Recently I read a blog on “What Agents Hate.” Among the items listed was any beginning that didn’t have the main character in the midst of the story. However, I also read another blog titled, “There Are No Rules.” In God’s Thunderbolt, the protagonist, Dan Stark, does not appear until the third scene, when the corpse is identified and people’s anger begins to build over one more murder.  I began the novel with the wagon bringing in the body because it’s important for people to understand the setting of that part of Montana. The setting functions almost as a character. How the mountains lie, how narrow Alder Gulch is, where the various stage stops were, how Alder Creek flows into the Stinking Water River (renamed the Ruby River) – all matter to the story. Nowhere did I want to stop the story to explain where the characters were or much about the terrain unless it was germane to that scene. The cold comes in frequently, because everything takes place during a Montana winter, which can still be pretty challenging even with electricity and cars and cell phones to summon help when stranded on a back road. In 1863-1864, all Montana roads were back roads. Or trails.

The ropes’ creaking that I heard all those years ago stayed in my mind. I see the beam as I saw it then, and I remember how dry is the sound of rope across wood, especially weighted with men’s bodies. But when I came to write about those executions, they came at the end of the novel.

cover-spur-350To begin with the executions would have taken away much of the suspense and put most of the story in flashbacks. The trouble with flashbacks is that they loop the story from now to back then to then from now, or more plainly, present-past-future.  I like to write a story from front to back, as we live our lives. Because we all have backstory, which is that part of a story that occurs before the story proper begins, the characters’ memories explain some things about the novel, but just as memory flashes into our own minds, I’ve tried to make it flash into the characters’ minds. Memory carries backstory both to illuminate and to motivate the present.

In writing God’s Thunderbolt, I wrote a novel that many people have already read, in a sense. It is based on Montana’s early history, and in most school districts here, Montana history is taught in eighth grade. Because I don’t believe in twisting history, I faced the fact that the story is well known. Thousands of people have seen or been in the Hangman’s Building. Historically, hanging the five men did not end the Vigilantes’ hunt for the other members of the gang. They hanged 22 men by the end of February 1864.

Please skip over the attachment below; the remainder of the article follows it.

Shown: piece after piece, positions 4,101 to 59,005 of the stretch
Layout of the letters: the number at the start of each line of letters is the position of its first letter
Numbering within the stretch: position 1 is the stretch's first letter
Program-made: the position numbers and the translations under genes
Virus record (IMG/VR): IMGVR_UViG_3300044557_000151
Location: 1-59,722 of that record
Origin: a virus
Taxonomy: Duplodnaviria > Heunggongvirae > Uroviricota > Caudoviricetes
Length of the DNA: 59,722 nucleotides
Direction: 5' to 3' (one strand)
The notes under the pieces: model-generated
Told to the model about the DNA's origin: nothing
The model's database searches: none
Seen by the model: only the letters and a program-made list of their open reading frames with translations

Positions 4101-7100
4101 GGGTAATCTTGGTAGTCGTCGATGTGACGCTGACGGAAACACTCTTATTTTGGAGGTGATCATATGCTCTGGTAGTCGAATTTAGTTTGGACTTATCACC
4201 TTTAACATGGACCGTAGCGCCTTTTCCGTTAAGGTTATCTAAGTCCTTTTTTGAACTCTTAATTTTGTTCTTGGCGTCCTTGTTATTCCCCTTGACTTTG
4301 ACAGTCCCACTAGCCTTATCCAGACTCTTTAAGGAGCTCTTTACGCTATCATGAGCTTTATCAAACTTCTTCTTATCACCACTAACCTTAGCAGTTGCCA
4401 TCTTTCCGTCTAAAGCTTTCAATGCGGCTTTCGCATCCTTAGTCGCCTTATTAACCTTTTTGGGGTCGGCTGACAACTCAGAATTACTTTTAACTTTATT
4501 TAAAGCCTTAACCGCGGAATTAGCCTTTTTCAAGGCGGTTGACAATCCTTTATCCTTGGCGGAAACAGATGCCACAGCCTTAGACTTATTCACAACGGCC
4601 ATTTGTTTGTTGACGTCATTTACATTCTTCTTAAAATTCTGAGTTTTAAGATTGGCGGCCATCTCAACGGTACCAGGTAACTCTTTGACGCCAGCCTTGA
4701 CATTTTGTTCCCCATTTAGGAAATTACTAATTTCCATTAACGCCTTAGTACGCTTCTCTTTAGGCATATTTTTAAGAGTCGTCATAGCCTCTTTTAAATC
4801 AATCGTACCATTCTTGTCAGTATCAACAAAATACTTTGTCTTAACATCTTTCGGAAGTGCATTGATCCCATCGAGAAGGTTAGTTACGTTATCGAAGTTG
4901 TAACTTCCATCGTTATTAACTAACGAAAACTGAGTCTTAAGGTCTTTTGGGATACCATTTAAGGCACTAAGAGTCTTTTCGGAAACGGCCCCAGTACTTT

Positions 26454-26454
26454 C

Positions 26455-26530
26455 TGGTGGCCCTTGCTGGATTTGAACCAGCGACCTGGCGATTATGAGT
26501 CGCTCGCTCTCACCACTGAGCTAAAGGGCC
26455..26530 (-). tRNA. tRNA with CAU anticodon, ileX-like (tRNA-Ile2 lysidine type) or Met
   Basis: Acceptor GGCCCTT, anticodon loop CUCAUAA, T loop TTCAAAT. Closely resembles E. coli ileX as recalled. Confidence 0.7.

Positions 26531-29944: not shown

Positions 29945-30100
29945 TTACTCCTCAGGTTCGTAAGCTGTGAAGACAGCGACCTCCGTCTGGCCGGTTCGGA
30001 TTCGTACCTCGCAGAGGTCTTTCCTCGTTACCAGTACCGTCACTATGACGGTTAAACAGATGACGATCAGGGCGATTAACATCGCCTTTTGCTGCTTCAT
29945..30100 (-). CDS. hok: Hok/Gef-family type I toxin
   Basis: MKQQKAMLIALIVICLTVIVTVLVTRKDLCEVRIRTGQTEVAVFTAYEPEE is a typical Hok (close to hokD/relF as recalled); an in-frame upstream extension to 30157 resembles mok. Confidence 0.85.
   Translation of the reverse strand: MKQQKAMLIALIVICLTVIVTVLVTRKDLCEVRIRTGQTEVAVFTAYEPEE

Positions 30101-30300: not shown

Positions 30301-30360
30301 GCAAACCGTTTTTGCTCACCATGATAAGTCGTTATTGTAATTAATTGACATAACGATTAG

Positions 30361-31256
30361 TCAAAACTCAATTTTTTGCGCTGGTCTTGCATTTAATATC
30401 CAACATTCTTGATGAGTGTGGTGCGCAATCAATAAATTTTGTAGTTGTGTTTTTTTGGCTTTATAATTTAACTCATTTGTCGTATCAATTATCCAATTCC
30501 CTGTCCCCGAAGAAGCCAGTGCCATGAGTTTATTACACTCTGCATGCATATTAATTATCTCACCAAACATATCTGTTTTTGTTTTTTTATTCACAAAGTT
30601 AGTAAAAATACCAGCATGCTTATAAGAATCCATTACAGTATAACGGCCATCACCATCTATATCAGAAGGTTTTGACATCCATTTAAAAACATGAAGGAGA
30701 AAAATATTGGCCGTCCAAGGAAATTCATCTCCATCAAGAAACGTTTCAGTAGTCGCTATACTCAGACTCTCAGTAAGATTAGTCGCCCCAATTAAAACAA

All through the writing, I asked myself: Where to end the book?

In answering that question, I had to face the knowledge my audience has about the Vigilante story. They know how it ended, historically speaking. If I had not stopped the historical main plot where I did, it could have had a very different (and less satisfying) ending that dribbled on from hanging to hanging. In another book, that could be dramatic, considering that the actual Vigilantes rode horseback more then 300 miles in January–February 1864. Snow on the ground was measured in feet, not inches, and freezing temperatures during the day dropped below zero at night. Some of them did not escape snowblindness or frostbite.  

A novel, however, is not history. It’s an art form, with a beginning, a middle, and an end, so I could not end it as I would had I been writing history. The subplot rescued the ending. The main plot is historical with a few fictional characters, but the subplot is entirely fictional, without historical characters. Being fictional, and set against a historical main plot, the subplot could end however it needed to. As a result, when the main plot ends, the subplot is still to be resolved. With its resolution, the novel ends.  

It’s the fashion these days to end stories and novels on a downer, but after so much killing, God’s Thunderbolt needed to end somehow on a brighter note. Granted, the bad guys got their comeuppance, which is a happy ending of sorts, except that Dan Stark, the protagonist, isn’t the type to take killing lightly, either when someone else kills or when he does. So the subplot ending lightens things up for the reader.

Maybe it’s somewhat unusual for a novelist to be so aware of the audience when writing a novel, but I believe a novel is a shared experience between writer and reader. I aim to give readers the best experience I can.

So far, so good.